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Throughout LGBT History Month, which takes place during the month of February, we are raising awareness of gender dysphoria, also known as transgender.
At YourGP private medical practice in Edinburgh, our gender specialists and psychiatrists support and guide many transgender people through their gender reassignment journey.
In this blog post, the third in the series, we look at the history of transgenderism and examine how treatments have changed over the years.
The history of transgenderism is a complex one that stretches back generations.
Although the term transgender wasn’t used until 1971 (as explained by Prof Stephen Whittle, founder of Press for Change, in an article in The Guardian newspaper) people were identifying as transgender long before then.
In 1755, Charlotte Clarke came out as the first openly transgender person in the UK, after she published an autobiography of her life.
Although there were a number of partial sex change operations in the early 1900s, Michael Dillon’s gender reassignment treatment from woman to man, which he obtained during the Second World War, was the first of the modern era.
Other important names in transgender history in the UK include Roberta Cowell, who was the first known British male-to-female transsexual to undergo sex reassignment surgery, and April Ashley, whose gender reassignment was revealed by the Sunday People newspaper in 1961.
In 1966, five years after the Sunday People revealed Ashley’s gender reassignment, Harry Benjamin published the first major textbook on transgenderism, The Transsexual Phenomenon.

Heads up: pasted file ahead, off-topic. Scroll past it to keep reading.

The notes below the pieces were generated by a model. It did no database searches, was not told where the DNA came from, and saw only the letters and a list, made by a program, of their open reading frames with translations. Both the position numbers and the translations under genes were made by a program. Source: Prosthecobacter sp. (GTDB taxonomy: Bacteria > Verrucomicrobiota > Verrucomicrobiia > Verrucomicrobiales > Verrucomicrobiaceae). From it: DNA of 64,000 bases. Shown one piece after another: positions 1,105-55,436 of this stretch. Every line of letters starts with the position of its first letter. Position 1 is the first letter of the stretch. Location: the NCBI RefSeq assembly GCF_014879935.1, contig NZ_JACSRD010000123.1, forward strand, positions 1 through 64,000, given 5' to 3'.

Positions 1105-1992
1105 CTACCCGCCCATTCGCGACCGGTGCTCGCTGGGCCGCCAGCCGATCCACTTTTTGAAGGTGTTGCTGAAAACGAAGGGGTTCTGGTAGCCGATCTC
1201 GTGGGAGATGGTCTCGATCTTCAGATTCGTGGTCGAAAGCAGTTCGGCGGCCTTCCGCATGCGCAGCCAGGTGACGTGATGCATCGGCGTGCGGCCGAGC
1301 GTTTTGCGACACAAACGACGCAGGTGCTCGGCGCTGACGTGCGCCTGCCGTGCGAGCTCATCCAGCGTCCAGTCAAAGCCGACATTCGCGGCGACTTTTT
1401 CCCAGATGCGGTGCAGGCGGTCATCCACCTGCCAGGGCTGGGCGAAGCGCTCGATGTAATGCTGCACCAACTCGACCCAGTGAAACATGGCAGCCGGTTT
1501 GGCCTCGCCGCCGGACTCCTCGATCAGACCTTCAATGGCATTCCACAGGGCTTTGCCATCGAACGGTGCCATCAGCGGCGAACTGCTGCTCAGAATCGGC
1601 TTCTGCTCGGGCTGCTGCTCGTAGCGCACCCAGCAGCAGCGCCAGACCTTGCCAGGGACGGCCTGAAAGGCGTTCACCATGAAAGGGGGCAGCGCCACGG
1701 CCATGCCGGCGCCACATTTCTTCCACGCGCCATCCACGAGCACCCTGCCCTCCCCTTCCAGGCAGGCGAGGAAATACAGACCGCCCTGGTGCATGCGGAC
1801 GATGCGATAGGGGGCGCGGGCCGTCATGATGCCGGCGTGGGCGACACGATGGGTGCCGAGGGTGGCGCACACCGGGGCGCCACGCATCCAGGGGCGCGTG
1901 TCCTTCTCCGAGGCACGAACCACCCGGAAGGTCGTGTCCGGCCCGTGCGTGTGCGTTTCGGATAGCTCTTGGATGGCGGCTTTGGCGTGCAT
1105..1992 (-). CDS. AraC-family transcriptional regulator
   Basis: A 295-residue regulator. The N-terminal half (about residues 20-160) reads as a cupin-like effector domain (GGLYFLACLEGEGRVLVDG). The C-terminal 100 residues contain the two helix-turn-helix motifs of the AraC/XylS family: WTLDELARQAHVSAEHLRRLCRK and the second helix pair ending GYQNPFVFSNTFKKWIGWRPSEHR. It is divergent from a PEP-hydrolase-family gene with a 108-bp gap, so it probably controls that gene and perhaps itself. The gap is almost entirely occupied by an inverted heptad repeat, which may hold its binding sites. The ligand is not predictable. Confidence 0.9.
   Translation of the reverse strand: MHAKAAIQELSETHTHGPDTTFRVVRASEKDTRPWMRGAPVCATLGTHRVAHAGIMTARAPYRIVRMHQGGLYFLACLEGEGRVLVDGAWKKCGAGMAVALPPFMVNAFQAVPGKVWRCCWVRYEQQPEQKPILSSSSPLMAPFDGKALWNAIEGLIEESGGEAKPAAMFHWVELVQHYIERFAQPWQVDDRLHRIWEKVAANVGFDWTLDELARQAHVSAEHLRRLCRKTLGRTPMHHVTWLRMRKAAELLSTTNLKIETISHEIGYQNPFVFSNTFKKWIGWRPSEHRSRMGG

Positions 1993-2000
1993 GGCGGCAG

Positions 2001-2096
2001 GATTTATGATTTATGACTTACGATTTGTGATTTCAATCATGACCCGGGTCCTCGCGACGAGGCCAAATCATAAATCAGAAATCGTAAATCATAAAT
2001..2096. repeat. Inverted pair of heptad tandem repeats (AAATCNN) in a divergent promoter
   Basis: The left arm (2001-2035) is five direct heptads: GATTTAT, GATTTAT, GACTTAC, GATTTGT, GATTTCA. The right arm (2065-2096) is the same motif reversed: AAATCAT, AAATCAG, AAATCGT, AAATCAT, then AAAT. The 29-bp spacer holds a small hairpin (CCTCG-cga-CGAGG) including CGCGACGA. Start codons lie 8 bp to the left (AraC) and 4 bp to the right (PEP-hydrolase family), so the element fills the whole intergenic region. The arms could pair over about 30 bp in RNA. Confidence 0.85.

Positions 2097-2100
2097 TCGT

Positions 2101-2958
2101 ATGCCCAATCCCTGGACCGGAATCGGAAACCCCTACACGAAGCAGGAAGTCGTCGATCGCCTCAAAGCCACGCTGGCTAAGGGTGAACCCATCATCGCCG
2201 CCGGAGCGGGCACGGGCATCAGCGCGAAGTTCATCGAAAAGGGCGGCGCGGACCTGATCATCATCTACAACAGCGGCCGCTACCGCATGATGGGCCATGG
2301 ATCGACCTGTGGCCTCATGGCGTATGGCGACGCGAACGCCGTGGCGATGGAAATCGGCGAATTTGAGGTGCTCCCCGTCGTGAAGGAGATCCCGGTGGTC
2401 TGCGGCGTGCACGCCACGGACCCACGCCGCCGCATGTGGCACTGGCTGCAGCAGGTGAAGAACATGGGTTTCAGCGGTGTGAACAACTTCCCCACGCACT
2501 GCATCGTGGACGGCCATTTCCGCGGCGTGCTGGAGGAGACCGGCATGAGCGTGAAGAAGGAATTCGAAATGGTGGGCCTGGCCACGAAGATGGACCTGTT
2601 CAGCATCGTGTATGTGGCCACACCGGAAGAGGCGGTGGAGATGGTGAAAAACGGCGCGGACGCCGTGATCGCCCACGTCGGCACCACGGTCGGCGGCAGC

That same year, trans women took a stand against discrimination and harassment during the Compton Cafeteria Riots. Three years later, in 1969, they again took a stand – this time during the Stonewall riots, commonly acknowledged as the birth of the modern LGBT movement.
Three years after the Stonewall riots, in 1972, Sweden became the first country in the world to allow its citizens to legally change their sex. But it wasn’t until 2004 that the UK followed suit, when the Gender Recognition Act was passed.
Since then, the rights of transgender people, as well as the services and treatments available to them, have continually evolved.
YourGP gender specialist, Dr Lyndsey Myskow, an acknowledged authority in the field, explains how the treatment of transgender people has evolved over generations.
“I have been working with patients with gender dysphoria for over 25 years, and over that time, have noticed many changes,” she says.
“The most dramatic change has been the social acceptance of transgendered people thanks to education of the public by transgender organisations, but also due to openly transsexual people appearing in soaps etc.
“It wasn’t unusual in the past for patients to report being spat on in public or even beaten up, which made the Real Life Test much more of a challenge. Thank goodness times have changed.”
To find out more about gender dysphoria or speak to one of our gender specialists, use our online booking form to book an appointment or call us on 0131 225 5656.
I’d like to thank everyone for their friendly professional attitudes and service. It made what was an anxious time for me much easier to cope with